“Paul, a slave of God, and Apostle of Jesus Christ for the faith of the elect of God and the knowledge of Truth which is according to godliness, with the hope of eternal life which was promised by God who never lies from the ancient times,”
Not only is Paul a slave of God, he is an Apostle of Jesus Christ. The term “apostle” was not unique to the Christian world and one who carried such a title was much like what we would call an “envoy” in English today. In principle, an Apostle is one who is commissioned by a person of authority (like a king or governor) to represent him in another locale. The Apostle carried with him the full authority of the one sending him and had the ability to make treaties and agreements with the full authority and backing of his king.
Thus, when the Apostles were sent out, they were given the authority to cast out demons, heal, and speak with the authority of Christ himself (Matthew 10:1; Mark 3:14-15)…hence the Apostolic authorship of the Scriptures. The real debate within Christian circles is two-fold: how many Apostles were there and did the office of Apostle continue into the life of the church?
The first question is really the trickier of the two. The original 12 followers of Jesus are clearly called “Apostles” as is Paul. Clearly the original 12 had a sense that 12 was the proper number, hence when Judas fell away, Matthias was chosen in his place (Acts 1:21-26). Yet, while many consider him an Apostle, he is never explicitly called such in the Scriptures. Further, Luke seems to imply that Barnabas was an Apostle (Acts 14:14). Further, many of the early church fathers attributed Apostleship to others in the life of the early church.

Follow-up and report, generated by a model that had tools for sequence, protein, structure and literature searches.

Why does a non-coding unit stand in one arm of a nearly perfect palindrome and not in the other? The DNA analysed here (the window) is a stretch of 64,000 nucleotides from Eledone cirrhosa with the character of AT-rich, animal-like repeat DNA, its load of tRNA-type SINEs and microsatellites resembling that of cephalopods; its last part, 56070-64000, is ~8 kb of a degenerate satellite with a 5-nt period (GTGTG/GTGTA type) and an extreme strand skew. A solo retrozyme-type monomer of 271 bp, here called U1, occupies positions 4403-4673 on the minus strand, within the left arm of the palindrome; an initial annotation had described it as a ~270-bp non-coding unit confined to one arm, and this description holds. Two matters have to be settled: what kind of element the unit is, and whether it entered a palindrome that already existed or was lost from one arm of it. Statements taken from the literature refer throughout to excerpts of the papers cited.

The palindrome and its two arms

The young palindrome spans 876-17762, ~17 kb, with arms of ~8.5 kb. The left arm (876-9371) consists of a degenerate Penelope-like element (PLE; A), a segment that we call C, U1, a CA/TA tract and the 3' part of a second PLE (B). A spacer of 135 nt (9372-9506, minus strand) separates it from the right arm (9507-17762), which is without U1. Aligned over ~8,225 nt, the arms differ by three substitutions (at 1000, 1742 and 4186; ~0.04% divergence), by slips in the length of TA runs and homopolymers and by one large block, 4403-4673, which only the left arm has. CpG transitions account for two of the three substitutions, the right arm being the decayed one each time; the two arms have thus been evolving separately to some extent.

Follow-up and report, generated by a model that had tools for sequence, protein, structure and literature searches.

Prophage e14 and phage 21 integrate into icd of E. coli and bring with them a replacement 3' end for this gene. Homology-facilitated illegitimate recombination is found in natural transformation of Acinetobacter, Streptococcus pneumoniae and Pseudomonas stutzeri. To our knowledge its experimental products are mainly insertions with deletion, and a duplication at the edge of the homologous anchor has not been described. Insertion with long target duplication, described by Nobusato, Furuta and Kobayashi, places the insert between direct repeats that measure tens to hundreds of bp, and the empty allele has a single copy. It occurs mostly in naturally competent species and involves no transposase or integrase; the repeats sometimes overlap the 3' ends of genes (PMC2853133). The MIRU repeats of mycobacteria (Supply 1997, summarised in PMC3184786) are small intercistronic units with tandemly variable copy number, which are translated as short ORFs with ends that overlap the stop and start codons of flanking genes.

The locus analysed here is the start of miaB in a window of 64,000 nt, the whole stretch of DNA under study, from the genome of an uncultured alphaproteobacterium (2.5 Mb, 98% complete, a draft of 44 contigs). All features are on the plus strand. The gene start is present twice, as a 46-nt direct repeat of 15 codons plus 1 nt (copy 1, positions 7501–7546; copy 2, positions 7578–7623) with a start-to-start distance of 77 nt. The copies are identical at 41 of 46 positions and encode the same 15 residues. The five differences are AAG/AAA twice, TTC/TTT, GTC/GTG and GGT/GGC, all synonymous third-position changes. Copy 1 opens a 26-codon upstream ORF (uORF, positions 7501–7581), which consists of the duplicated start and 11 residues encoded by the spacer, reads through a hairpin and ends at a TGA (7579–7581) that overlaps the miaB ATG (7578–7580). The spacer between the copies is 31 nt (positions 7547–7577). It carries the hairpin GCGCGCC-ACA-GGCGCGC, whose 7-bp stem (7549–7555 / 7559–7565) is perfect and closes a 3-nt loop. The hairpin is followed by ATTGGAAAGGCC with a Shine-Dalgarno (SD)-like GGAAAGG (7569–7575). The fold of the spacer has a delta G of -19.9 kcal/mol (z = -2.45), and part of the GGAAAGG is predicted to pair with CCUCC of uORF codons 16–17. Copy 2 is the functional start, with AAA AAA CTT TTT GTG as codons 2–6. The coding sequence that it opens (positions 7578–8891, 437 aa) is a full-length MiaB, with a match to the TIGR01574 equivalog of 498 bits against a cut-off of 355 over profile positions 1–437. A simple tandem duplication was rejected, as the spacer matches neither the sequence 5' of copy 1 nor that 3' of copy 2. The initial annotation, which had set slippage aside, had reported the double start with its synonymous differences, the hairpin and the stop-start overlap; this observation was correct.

The best answer seems to be to ask the question, “whose authority do they carry?” Is it the authority of Christ or is it the authority of the church? When the early church looked at the Apostolic authority of Christ as the basis for establishing the Canon (which books included in the Bible?), they were not looking to Barnabas nor were they looking at writings of some of the other early church fathers that are sometimes referred to as Apostles. They looked to the original 11 (12 minus Judas) and to Paul. These seem to be the divinely inspired 12 who are Apostles who speak with the authority of Christ. The others could arguably be considered apostles of the church, carrying with them the church’s authority, but no more.
If that then is the case, why not still call pastors “Apostles”? The answer is simple: the Bible doesn’t, and thus we should not presume upon ourselves a title that the Bible does not give to us. And that leads us to the second question…did the office continue? Some Pentecostals and certainly Rome would argue for the continuation of the office and the authority that comes with that office, yet they operate outside of both the Bible and church history by doing so. By the time we see the Council of Jerusalem taking place in Acts 15, we find that the Presbyters of the church (the Elders) are acting as the normative ruling body for the church alongside of the Apostles. Hence there is a transition of leadership that took place where the normative office of Elder replaces the temporary and special office of Apostle in church leadership.
Thus, Paul, as he opens his letter is humbly asserting his authority to guide Titus. Does this mean that Paul is trying to strong-arm Titus into making sure Titus does things properly? Of course not, such is not the character of Paul nor is it characteristic of the relationship between these men. A better answer, given that Titus is Paul’s emissary on Crete, is that Paul is lending his weight to what it is that Titus is seeking to accomplish, that way those stubborn folks in the church there won’t challenge Titus’ authority to establish Elders in the church. And though pastors today are not operating under the direct commission of Paul, we too can appeal to these letters and say, “the things we do we do not do on our own authority…it is on the authority of the Apostles that God established to found his church.